Mr. CHURCH Review

While Mr. Church might have initially been looked at as something of a return to quality movie-making for star Eddie Murphy it is more a return to the realm of inoffensive movie making than anything else. Mr. Church is certainly no Pluto Nash or Norbit...hell, it's not even Meet Dave (which I admittedly never finished), but it isn't the high-reaching piece of transcendent cinema that encapsulates all the major themes of one's life that illustrates mistakes made and identities redeemed that it seemed to want so badly to be in its trailers either. Rather, Mr. Church is a pleasant enough distraction about a kind-hearted man that is largely elevated by the credible performances of its two leads. Both Murphy and Britt Robertson (Tomorrowland) deliver the necessary sympathies to draw on audience emotions that keep us invested in the sometimes tedious story that strings us along for decades with large stretches where little to nothing happens or is revealed. Fortunately, it isn't really the narrative that is meant to drive Mr. Church though, but rather the core relationship that forms between Murphy's titular character and Robertson's Charlotte Brody which remains the reason we become and stay as invested as we do throughout the sometimes tepid 100-minute runtime. The film, which comes from TV writing veteran Susan McMartin in her first feature film credit, feels rather episodic as a result with director Bruce Beresford (Driving Miss Daisy, Double Jeopardy) doing little to add any filmmaking flairs as, at the age of seventy-six, seems to be on auto pilot. In that way, Mr. Church is very much a competently made and sometimes even emotionally affecting film, but most of the time it feels like a Hallmark movie that is emotionally manipulative for reasons of knowing it has little else to offer by way of connecting with its audience. It is a holiday Hallmark film that escaped the clutches of such a fate by appealing to talent such as Mr. Murphy by being a project not typically offered to the comedian and thus an opportunity after an intentional hiatus to do something different. Murphy, while doing his best to salvage this sappy if not occasionally comforting piece of melodrama can't rescue the project from total mediocrity, but he puts forth a valiant effort and that is duly noted.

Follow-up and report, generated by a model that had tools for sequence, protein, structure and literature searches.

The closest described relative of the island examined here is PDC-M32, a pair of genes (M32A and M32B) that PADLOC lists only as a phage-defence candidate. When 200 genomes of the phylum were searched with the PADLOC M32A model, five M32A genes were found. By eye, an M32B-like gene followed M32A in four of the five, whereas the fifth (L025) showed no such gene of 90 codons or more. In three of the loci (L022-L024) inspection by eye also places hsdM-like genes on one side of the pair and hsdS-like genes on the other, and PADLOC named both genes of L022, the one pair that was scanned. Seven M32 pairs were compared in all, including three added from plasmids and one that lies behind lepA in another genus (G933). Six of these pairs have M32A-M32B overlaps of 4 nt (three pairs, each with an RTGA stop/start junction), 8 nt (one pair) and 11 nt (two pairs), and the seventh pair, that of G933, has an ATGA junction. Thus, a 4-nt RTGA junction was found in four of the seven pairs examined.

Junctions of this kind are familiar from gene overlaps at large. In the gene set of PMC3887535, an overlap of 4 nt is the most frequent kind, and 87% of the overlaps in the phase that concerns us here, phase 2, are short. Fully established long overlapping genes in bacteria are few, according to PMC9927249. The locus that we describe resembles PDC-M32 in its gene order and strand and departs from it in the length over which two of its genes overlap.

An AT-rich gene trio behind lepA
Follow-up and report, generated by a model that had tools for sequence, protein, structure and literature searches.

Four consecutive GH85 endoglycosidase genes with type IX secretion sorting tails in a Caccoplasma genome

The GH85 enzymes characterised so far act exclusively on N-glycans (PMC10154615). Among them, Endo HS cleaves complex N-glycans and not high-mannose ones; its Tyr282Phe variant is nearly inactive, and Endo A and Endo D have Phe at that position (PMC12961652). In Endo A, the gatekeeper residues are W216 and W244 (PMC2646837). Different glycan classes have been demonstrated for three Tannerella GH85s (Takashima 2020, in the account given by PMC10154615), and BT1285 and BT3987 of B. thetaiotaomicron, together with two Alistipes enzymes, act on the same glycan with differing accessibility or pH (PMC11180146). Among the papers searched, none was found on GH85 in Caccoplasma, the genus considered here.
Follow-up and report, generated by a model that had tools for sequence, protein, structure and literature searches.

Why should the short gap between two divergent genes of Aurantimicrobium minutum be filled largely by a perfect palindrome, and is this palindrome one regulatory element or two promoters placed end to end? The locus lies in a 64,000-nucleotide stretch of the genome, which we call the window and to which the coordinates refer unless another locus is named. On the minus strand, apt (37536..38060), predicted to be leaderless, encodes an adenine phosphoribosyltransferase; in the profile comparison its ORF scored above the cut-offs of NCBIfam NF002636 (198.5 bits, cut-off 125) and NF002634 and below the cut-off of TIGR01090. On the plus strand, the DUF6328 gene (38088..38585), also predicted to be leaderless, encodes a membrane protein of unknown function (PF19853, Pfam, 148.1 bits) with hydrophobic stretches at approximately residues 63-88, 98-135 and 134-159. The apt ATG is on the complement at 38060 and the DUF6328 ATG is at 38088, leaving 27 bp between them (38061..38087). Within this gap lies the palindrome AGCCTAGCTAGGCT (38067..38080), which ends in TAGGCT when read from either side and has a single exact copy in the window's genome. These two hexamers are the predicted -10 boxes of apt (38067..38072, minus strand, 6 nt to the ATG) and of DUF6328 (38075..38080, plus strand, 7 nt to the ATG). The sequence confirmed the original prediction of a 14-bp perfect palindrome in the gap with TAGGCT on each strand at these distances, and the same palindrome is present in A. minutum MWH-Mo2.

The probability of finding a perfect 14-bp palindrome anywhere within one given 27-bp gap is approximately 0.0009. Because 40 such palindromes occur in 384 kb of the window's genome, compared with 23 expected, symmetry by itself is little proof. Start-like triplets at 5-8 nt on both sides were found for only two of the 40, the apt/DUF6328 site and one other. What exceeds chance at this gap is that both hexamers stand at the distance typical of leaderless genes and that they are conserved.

Mr. Church (Eddie Murphy) is a proficient cook who finds himself in the employment of two unique ladies.
Set in Los Angeles and beginning in 1965 we are introduced to Henry Church (Murphy) as he finds himself in the employment of a cancer-stricken mother named Marie (Natascha McElhone) and her daughter, Charlotte, to serve as their cook after the passing of his previous employer and Marie's seeming sugar daddy. Though Charlotte, who comes to be affectionately called "Charlie" by Mr. Church, doesn't like the idea of a third wheel entering into her and her mother's cozy little existence that all changes when she tastes the food Mr. Church will be preparing for her every day. The smells of cooking would become like her alarm clock Charlie says and just as Mr. Church decimates those walls between him and his toughest critic he also begins to find himself in the position of a father figure to young Charlie. Not knowing that her mother has only been given six months to live and that Mr. Church has been tasked with a six-month arrangement by that previous employer that will guarantee him a lifetime salary should he fulfill it, Charlie is never given the chance to get mad she was left in the dark as that initial six months ends up being extended longer than all involved originally anticipated. Soon, Charlie has grown into a young woman who resembles Britt Robertson and who has taken to the collection of books Mr. Church takes with him everywhere he goes. Becoming a fan of literary endeavors Charlie seems to dream of writing herself one day, prompting her to apply for college and leave behind Los Angeles for Boston, but not before sharing a special prom night with high school crush Owen (Xavier Samuel) that means as much to Charlie as it does to her mother and Mr. Church. As life goes, the small world Charlie knew in L.A. and the core group of people that make up her life (which also included her best friend Poppy as played by Lizzy Fry and a homeless guy named Eddie Larson who is played by Christian Madsen) come back around to define what will make up a large chunk of her story when she returns to her hometown and allows her degree to slip further and further away. In the end though, Mr. Church is about this unlikely pair that see many ups and downs throughout their relationship, but who naturally end up learning from and teaching one other a number of life lessons.